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      Fibre-specific white matter reductions in Alzheimer’s disease and mild cognitive impairment

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          Abstract

          Alzheimer's disease is increasingly considered a large-scale network disconnection syndrome, associated with progressive aggregation of pathological proteins, cortical atrophy, and functional disconnections between brain regions. These pathological changes are posited to arise in a stereotypical spatiotemporal manner, targeting intrinsic networks in the brain, most notably the default mode network. While this network-specific disruption has been thoroughly studied with functional neuroimaging, changes to specific white matter fibre pathways within the brain's structural networks have not been closely investigated, largely due to the challenges of modelling complex white matter structure. Here, we applied a novel technique known as 'fixel-based analysis' to comprehensively investigate fibre tract-specific differences at a within-voxel level (called 'fixels') to assess potential axonal loss in subjects with Alzheimer's disease and mild cognitive impairment. We hypothesized that patients with Alzheimer's disease would exhibit extensive degeneration across key fibre pathways connecting default network nodes, while patients with mild cognitive impairment would exhibit selective degeneration within fibre pathways connecting regions previously identified as functionally implicated early in Alzheimer's disease. Diffusion MRI data from Alzheimer's disease (n = 49), mild cognitive impairment (n = 33), and healthy elderly control subjects (n = 95) were obtained from the Australian Imaging, Biomarkers and Lifestyle study of ageing. We assessed microstructural differences in fibre density, and macrostructural differences in fibre bundle morphology using fixel-based analysis. Whole-brain analysis was performed to compare groups across all white matter fixels. Subsequently, we performed a tract of interest analysis comparing fibre density and cross-section across 11 selected white matter tracts, to investigate potentially subtle degeneration within fibre pathways in mild cognitive impairment, initially by clinical diagnosis alone, and then by including amyloid status (i.e. a positive or negative amyloid PET scan). Our whole-brain analysis revealed significant white matter loss manifesting both microstructurally and macrostructurally in Alzheimer's disease patients, evident in specific fibre pathways associated with default mode network nodes. Reductions in fibre density and cross-section in mild cognitive impairment patients were only exhibited within the posterior cingulum when statistical analyses were limited to tracts of interest. Interestingly, these degenerative changes did not appear to be associated with high amyloid accumulation, given that amyloid-negative, but not positive, mild cognitive impairment subjects exhibited subtle focal left posterior cingulum deficits. The findings of this study demonstrated a stereotypical distribution of white matter degeneration in patients with Alzheimer's disease, which was in line with canonical findings from other imaging modalities, and with a network-based conceptualization of the disease.awx355media15726254535001.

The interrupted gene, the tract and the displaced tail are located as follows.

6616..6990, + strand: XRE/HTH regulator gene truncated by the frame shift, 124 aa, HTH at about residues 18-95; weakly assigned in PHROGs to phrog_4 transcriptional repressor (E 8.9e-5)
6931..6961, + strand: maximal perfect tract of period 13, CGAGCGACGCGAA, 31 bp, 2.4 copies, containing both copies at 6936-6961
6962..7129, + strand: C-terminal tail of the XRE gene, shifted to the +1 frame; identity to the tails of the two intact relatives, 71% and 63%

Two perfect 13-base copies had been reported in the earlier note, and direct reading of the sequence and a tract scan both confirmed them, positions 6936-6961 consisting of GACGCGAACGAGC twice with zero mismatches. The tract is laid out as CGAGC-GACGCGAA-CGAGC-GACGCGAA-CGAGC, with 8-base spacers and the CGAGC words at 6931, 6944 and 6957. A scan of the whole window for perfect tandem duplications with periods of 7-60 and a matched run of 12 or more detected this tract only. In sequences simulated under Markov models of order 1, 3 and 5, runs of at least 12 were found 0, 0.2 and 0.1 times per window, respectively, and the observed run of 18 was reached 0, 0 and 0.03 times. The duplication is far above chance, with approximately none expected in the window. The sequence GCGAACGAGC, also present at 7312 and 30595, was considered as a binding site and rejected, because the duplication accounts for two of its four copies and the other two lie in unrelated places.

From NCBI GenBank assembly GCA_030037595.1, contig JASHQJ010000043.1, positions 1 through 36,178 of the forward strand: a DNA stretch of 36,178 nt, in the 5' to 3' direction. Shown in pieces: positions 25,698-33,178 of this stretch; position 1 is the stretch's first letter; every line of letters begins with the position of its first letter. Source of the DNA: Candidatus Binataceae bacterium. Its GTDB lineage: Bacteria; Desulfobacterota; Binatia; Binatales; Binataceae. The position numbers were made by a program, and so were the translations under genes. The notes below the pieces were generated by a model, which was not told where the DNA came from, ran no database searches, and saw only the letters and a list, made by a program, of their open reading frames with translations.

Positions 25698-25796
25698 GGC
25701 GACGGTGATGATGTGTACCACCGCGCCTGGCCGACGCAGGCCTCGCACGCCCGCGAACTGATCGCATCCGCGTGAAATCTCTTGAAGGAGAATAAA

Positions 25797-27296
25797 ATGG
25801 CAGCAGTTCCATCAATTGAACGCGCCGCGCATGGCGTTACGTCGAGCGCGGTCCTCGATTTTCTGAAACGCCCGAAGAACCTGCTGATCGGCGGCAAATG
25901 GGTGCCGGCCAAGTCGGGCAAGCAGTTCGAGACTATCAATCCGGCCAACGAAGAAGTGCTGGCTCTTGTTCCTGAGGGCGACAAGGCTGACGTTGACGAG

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          Author and article information

          Journal
          Brain
          Oxford University Press (OUP)
          0006-8950
          1460-2156
          March 2018
          March 01 2018
          January 04 2018
          March 2018
          March 01 2018
          January 04 2018
          : 141
          : 3
          : 888-902
          Affiliations
          [1 ]Florey Institute of Neuroscience and Mental Health, Melbourne, Victoria, 3084, Australia
          [2 ]Florey Department of Neuroscience and Mental Health, University of Melbourne, Melbourne, Victoria, 3084, Australia
          [3 ]Department of Neurology, Austin Health, Heidelberg, Victoria, 3084, Australia
          [4 ]Department of Biomedical Engineering, Division of Imaging Sciences and Biomedical Engineering, King’s College London, London, WC2R 2LS, UK
          [5 ]Centre for the Developing Brain, King’s College London, London, WC2R 2LS, UK
          [6 ]CSIRO, Health and Biosecurity, The Australian eHealth Research Centre, Brisbane, Queensland, 4029, Australia
          [7 ]Eastern Clinical Research Unit, Monash University, Box Hill Hospital, Melbourne, Victoria, 3128, Australia
          [8 ]Department of Medicine, Austin Health, University of Melbourne, Heidelberg, Victoria, 3084, Australia
          [9 ]Department of Molecular Imaging and Therapy, Austin Health, Heidelberg, Victoria, 3084, Australia
          Article
          10.1093/brain/awx355
          29309541
          b2b14a54-9797-45d1-a5cd-5a0b6a1435d1
          © 2018

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